Ashton: Berryhill's opponents in primary need reality check

Republican Assemblyman Tom Berryhill's victories in Sacramento came with plenty of work cajoling Democrats to support his bills.

One gave the state a tough law to fight metal theft, which at the time was scourging Stanislaus County businesses, schools and local governments that couldn't hold onto air conditioners bolted into buildings.

Another reformed community college nursing programs, enabling them to admit the most qualified applicants instead of using a lottery.

But that kind of across-the-aisle work isn't popular this year, with a historic recession pushing voters to extremes.

His four Republican opponents in a primary race for Republican Dave Cogdill's state Senate seat are running "No Retreat, No Surrender" campaigns pledging to tackle Democrats head-on over taxes, spending and environmental regulations.

One of them, Fresno financial adviser Tom Marsella, last week drew attention to a voting score card published by the California Republican Assembly, a GOP organization. Berryhill scored 67 out of 100, which was relatively moderate on the bills the CRA tracked. Democrats typically scored zero, or in the single digits.

Berryhill "advertises and claims to be a conservative Republican on his signs, web site and on his stationary. His voting record shows a different picture," Marsella wrote in an e-mail to McClatchy reporters.

Another candidate, Oakdale businessman Bret de St. Jeor, argues that Berryhill's advantages in name recognition and political experience won't help with voters yearning for major change in Sacramento.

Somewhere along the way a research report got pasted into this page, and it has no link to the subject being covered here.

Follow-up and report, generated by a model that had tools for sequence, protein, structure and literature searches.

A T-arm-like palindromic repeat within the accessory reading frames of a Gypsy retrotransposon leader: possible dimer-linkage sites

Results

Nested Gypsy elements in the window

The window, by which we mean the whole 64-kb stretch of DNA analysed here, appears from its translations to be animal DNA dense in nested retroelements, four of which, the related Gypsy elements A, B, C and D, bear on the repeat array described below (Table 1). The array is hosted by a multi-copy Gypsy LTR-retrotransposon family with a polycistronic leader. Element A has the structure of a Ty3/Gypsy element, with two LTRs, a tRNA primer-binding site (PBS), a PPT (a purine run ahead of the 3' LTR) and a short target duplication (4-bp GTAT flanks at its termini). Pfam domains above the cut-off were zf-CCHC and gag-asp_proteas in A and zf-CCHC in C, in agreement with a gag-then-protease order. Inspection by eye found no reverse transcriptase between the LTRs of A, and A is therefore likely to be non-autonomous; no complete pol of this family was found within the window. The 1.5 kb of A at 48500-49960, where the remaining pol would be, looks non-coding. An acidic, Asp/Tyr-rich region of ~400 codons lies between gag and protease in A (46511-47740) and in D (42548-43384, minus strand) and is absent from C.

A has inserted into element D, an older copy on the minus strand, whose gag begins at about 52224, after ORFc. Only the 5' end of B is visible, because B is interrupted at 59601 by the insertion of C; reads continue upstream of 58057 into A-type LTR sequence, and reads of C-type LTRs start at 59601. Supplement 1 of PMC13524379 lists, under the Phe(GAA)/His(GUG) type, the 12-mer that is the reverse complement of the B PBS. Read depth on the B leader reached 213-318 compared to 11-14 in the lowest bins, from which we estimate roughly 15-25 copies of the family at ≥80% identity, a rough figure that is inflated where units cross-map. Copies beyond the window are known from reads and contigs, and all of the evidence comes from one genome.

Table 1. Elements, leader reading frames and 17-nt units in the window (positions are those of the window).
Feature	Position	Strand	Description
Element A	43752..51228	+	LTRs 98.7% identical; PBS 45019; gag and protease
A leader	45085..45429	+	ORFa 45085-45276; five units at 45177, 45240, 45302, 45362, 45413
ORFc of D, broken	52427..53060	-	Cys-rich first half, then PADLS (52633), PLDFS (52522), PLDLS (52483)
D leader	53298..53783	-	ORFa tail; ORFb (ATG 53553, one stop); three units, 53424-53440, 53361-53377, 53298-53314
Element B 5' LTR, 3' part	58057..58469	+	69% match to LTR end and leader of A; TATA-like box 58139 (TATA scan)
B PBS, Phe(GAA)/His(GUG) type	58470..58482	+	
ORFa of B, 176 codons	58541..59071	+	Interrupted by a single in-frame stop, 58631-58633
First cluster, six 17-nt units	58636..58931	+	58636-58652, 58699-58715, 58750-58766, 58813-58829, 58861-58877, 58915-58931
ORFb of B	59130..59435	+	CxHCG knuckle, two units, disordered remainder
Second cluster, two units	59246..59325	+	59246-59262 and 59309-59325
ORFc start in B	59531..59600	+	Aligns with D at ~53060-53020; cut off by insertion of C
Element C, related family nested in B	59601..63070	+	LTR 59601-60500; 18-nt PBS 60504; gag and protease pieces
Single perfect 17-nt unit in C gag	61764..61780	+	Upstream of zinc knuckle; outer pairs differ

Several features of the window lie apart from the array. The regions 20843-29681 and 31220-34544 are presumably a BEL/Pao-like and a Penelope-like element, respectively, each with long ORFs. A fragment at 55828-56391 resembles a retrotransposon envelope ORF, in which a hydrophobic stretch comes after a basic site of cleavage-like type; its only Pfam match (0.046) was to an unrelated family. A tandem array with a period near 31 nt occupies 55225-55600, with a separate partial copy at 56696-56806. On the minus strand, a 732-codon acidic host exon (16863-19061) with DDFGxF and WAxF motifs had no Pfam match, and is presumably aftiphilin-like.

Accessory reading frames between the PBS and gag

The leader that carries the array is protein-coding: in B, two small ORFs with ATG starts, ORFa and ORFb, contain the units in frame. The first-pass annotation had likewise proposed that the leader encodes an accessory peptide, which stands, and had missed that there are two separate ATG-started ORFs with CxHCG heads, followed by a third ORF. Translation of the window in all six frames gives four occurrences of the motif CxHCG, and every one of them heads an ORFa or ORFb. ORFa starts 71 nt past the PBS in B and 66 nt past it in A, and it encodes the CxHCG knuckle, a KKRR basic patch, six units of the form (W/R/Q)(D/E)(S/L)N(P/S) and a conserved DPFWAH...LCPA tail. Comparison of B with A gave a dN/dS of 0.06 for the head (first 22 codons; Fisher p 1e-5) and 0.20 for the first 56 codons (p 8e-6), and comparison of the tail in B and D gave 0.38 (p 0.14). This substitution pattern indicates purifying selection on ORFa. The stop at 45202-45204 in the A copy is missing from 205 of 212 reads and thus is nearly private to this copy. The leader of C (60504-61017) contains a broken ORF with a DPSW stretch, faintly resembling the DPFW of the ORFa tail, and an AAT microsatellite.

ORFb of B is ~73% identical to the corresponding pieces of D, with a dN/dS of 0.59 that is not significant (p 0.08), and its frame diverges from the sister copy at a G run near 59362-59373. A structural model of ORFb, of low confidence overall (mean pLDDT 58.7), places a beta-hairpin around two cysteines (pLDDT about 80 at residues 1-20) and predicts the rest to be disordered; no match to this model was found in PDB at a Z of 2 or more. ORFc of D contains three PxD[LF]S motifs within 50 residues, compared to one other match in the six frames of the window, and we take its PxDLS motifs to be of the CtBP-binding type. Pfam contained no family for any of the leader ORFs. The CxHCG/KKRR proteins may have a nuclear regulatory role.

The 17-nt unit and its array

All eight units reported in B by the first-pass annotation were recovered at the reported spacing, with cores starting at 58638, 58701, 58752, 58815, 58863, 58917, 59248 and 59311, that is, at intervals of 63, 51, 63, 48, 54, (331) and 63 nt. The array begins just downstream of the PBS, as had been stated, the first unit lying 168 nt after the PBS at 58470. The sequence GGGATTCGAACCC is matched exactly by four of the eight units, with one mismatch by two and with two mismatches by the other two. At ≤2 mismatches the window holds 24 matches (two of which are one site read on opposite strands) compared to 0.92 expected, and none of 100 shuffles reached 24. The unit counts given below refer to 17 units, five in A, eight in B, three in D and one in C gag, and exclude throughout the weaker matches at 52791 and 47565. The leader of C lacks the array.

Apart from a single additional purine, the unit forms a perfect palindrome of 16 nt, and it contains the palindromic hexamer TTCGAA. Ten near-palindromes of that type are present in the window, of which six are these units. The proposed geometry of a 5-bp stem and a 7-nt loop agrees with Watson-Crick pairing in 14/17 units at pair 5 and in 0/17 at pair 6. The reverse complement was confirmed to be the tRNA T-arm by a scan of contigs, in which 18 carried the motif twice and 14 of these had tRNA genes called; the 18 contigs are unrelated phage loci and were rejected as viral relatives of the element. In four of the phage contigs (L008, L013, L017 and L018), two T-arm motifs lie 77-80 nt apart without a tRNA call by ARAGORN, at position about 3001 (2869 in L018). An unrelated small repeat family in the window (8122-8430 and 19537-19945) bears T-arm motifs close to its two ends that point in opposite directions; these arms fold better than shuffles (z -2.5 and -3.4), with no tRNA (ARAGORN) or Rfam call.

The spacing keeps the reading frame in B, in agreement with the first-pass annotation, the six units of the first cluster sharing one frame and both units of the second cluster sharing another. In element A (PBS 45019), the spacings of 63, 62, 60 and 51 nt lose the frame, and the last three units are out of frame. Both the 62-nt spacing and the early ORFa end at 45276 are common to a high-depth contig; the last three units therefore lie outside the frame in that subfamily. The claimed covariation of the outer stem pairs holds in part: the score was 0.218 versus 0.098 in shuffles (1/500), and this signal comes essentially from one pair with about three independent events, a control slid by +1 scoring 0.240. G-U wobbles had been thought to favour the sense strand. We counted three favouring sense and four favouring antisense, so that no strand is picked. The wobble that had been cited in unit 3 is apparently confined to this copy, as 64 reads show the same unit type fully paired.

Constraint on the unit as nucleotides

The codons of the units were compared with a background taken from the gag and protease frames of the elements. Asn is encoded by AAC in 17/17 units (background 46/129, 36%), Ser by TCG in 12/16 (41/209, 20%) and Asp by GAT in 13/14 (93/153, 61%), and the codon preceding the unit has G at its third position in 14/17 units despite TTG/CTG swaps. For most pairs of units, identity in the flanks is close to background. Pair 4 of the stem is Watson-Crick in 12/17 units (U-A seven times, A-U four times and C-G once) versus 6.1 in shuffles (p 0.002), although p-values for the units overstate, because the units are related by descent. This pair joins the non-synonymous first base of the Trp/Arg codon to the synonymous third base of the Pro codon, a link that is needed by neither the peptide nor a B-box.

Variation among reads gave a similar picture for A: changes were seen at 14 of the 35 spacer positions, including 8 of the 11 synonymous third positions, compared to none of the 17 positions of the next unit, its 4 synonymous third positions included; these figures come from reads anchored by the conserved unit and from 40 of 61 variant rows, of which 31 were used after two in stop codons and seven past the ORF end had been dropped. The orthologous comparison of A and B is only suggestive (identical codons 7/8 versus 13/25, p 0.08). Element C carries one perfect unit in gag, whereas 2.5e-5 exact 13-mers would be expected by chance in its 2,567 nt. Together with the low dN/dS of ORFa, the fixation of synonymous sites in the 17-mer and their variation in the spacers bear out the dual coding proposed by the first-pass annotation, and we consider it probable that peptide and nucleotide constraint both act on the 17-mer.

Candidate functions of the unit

"Berryhill's an incumbent and he's part of the problem in Sacramento," de St. Jeor said.

These candidates all have good stories to tell. Marsella is a financial planner who wants to reform pensions. De St. Jeor built his own business from scratch and bristles at regulation that he fears drives companies out of the state. Heidi Fuller, another candidate in the race, is a sharp immigration attorney who hews to tea party spending principles.

If any of the outsiders win, however, he or she will face a daunting task in building a coalition to advance their goals. That's going to require a few Democrats to get on board with them.

"Whoever wins, the political reality sets in because they're going into a statehouse where they're in the minority, and they're going to have to moderate their views if they want to get anything done," said Stanislaus County GOP Chairman Jim DeMartini.

He attributes the scorched-earth rhetoric to primary season. You'll hear the same language coming out of the six-way race for Berryhill's Assembly seat, with one candidate pinning the "decay" of society on leftists.

That all sounds good now, but California's a Democratic state and its voter registration is heading to a darker shade of blue.

A new report from the secretary of state's office shows that 44.7 percent of California voters are Democrats, up from 42.7 percent four years ago. Republican registration is down to 30.8 percent, about 4 percentage points lower than in 2006.

Facing those numbers, Berryhill aims to bring independent voters into the Republican fold while working with Democrats on his key bills. He says he's in "lockstep" with the CRA on the big issues, and he didn't vote for the budget bill last year that cost Cogdill a party leadership post because of its temporary tax increases.

"I'll put my conservative record up against any of these guys running against me," he said.

Berryhill and his brother, Assemblyman Bill Berryhill, learned politics from their dad, former state food and agriculture director Clare Berryhill. They're wine grape growers who give off a vibe in keeping with their dad's era of bipartisan work.

Tom Berryhill's strategy for converting Democrats takes a slow pace compared to what his opponents want to accomplish.

"The only way you can do it is by building relationships, and that's both inside and outside the house," he said. "It's a constant task of educating. And the way you do that is build friendships with moderate Democrats. That's ultimately how you move the ball in our direction."

The question is whether that experience will pay off June 8 when Republicans choose their candidates.

Bee staff writer Adam Ashton can be reached at or 578-2366.

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